Tax software fast, easy, but foiled by complexity

HOME COMPUTING

March 14, 1994|By MICHAEL J. HIMOWITZ

No matter how you define your race, creed, color, sex, religion or national origin, you have something in common with your fellow Americans this time of year. You're sweating out your taxes.

I would love to tell you that your computer can take the pain out of filing your tax return. It won't. The sting of the bottom line will be as nasty as ever.

But today's tax preparation software can make the job much easier -- and it's so sophisticated that you won't even have to look at a tax form until yours comes out of your printer. In fact, you may not have to print more than a single page if you file electronically.

The earliest tax programs, and some of today's simpler tax offerings, were little more than a series tax forms on screen. You typed in the data and the computer made the calculations. You still had to figure out what information to put where, which is two-thirds of the battle (the other third is digging up all those old receipts, checks, payment stubs and the rest of the flotsam Uncle Sam requires).

If you know your way around a 1040, you can still do it that way, if you like.

But the latest offerings, such as Andrew Tobias' Tax Cut from MECA, Chipsoft's Turbo Tax and MacInTax, CA-Simply Tax from Computer Associates and Personal Tax Edge from Parsons Technology will walk you through the process step by step, using the same kind of interview techniques your accountant might use to collect information and make decisions.

They also have links to popular personal finance software such as Quicken and Managing Your Money and give you the opportunity to file your return electronically, albeit for an extra fee.

Some of this year's programs have even gone Hollywood, with multimedia versions on CD-ROM that feature videos of talking accountants who offer first-person advice. For example, Dan Caine, the author of Tax Cut, just popped up on my screen to offer a brief summary of how to claim dependents, including this gem: "Pets, no matter how much you love them, cannot qualify as dependents."

If you like talking to accountants, you'll love the talking heads. If not, you can always turn them off. The information you need is readily available in the help-screens and on-line manuals.

Tax programs are generally available for $35 to $50 on the street, although Computer Associates is trying to crack the market this year by offering CA-Simply Tax for only $9.95 through April 15. For the most part, the programs you'll find on store shelves include only federal tax forms. For state tax forms, you'll have call or write to the publisher and spend another $20 to $30.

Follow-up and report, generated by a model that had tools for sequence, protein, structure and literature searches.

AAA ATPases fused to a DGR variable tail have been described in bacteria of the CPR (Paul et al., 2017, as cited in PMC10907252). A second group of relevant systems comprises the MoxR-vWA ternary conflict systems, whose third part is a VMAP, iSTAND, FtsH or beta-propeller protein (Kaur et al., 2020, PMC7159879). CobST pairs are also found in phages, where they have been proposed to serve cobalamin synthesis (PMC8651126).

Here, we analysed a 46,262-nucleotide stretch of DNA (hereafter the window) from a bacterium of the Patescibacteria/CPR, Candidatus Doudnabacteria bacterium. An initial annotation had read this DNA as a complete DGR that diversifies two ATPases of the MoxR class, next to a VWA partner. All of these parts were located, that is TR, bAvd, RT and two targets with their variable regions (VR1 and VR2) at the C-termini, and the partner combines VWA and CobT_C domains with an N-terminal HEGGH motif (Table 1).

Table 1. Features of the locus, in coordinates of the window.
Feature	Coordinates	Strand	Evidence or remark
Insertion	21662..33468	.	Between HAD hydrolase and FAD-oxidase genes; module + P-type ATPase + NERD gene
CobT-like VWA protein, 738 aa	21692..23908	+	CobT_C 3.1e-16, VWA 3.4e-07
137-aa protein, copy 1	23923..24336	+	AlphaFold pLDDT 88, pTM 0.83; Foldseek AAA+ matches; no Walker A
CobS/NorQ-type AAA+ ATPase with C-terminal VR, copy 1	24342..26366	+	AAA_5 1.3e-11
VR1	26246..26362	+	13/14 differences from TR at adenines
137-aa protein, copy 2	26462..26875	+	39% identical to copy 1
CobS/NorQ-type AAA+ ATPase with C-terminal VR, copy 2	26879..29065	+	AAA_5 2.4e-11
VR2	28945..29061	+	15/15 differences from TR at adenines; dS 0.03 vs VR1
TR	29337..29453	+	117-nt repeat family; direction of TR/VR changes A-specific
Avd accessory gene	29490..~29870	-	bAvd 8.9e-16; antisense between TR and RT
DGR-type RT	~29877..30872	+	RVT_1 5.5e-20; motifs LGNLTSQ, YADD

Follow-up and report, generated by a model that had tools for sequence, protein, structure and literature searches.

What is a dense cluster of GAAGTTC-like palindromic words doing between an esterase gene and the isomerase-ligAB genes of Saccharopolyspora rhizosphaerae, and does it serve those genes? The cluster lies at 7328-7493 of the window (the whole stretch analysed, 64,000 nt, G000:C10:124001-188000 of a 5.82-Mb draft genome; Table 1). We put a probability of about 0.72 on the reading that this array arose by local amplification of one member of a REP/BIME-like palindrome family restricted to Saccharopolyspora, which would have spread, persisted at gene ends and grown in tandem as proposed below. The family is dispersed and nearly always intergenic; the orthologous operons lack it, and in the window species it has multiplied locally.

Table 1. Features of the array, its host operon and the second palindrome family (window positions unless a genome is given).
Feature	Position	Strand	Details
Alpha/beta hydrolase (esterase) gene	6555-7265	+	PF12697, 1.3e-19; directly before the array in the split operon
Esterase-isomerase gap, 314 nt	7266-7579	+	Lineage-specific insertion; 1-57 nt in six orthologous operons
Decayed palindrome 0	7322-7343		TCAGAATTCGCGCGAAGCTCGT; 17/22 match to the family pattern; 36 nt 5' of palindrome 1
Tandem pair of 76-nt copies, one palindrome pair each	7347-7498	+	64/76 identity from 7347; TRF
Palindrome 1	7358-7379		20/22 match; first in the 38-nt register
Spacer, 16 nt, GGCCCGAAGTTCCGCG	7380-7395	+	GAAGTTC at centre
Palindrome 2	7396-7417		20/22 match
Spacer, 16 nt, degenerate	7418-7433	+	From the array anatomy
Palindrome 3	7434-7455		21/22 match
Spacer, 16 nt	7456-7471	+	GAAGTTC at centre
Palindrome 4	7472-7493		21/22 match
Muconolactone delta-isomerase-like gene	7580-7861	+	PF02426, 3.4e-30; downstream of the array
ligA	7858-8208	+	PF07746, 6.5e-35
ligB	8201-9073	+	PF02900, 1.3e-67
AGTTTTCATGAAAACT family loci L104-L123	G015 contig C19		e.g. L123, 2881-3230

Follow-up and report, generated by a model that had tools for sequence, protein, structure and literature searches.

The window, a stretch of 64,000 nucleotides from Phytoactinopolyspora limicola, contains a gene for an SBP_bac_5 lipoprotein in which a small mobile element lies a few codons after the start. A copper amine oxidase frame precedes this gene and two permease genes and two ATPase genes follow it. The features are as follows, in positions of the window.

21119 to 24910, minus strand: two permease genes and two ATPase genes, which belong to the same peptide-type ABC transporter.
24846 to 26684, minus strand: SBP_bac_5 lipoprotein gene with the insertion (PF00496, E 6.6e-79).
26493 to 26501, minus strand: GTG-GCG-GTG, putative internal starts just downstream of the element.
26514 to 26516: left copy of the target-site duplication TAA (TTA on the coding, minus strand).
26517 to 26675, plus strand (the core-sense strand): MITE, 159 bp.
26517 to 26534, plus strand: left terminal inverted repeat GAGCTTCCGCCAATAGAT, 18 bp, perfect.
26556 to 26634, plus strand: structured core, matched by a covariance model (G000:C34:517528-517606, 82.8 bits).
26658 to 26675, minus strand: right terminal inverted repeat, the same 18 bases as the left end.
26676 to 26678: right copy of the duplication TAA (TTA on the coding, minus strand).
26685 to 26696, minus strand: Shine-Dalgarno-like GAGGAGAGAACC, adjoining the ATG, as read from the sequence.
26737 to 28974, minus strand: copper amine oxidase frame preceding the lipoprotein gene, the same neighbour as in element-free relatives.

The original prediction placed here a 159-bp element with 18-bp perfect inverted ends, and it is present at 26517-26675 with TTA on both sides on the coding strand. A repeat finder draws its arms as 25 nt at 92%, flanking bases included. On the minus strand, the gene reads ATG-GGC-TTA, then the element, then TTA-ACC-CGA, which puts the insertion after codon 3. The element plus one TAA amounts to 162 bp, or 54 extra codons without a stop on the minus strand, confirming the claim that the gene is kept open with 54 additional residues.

Since the tax laws change every year, you'll also wind up buying annual updates at prices ranging from $15 to $40. This is one reason why tax programs are so attractive to publishers. Once you're in, you're hooked for as long as you pay taxes -- which generally means until you die.

How good are these programs? There's no question that they make it easy to organize your tax information, provide a simple way to get your data onto a tax form and make the right calculations. Tax Cut and Turbo Tax, in particular, do a wonderful job of insulating you from the hassle of translating IRS-ese into English.

The power of pencils

But there are a couple of caveats. If you have a very simple return (standard deduction, no income beyond wages, bank interest and dividends) and would normally use Form 1040A or 1040EZ (standard deduction, no income outside of wages, bank interest and dividends), a tax program may be more trouble than it's worth. A calculator and pencil may be all you need.

Likewise, if you have a particularly complex return, you may want to stick with a human accountant. There are a couple of reasons for this. While the programs will all handle many different tax forms, their ability to advise you accurately often decreases with the obscurity of the form you're filling out. A personal knowledge of your finances is frequently critical to making the right decision in these cases.

If you have income or losses from partnerships or complex stock transactions, an asset that qualifies for depreciation or investments in tax shelters, you may need an accountant's advice on how to handle them.

Sometimes the tax return information that comes in the mail from these investments is difficult to follow or just plain wrong. Also, your accountant may be aware of recent tax rulings or court decisions that could affect your return, and he can offer personalized tax planning advice. In short, accountants don't come cheaply, but they're a lot cheaper than a tax error or the hassle of an audit.

Electronic filing is another issue.

Most accountants, tax preparation firms and tax preparation programs offer electronic filing services for fees ranging from $15 to $35. These services will take your tax information on a disk or over the phone by modem and forward it to the IRS.

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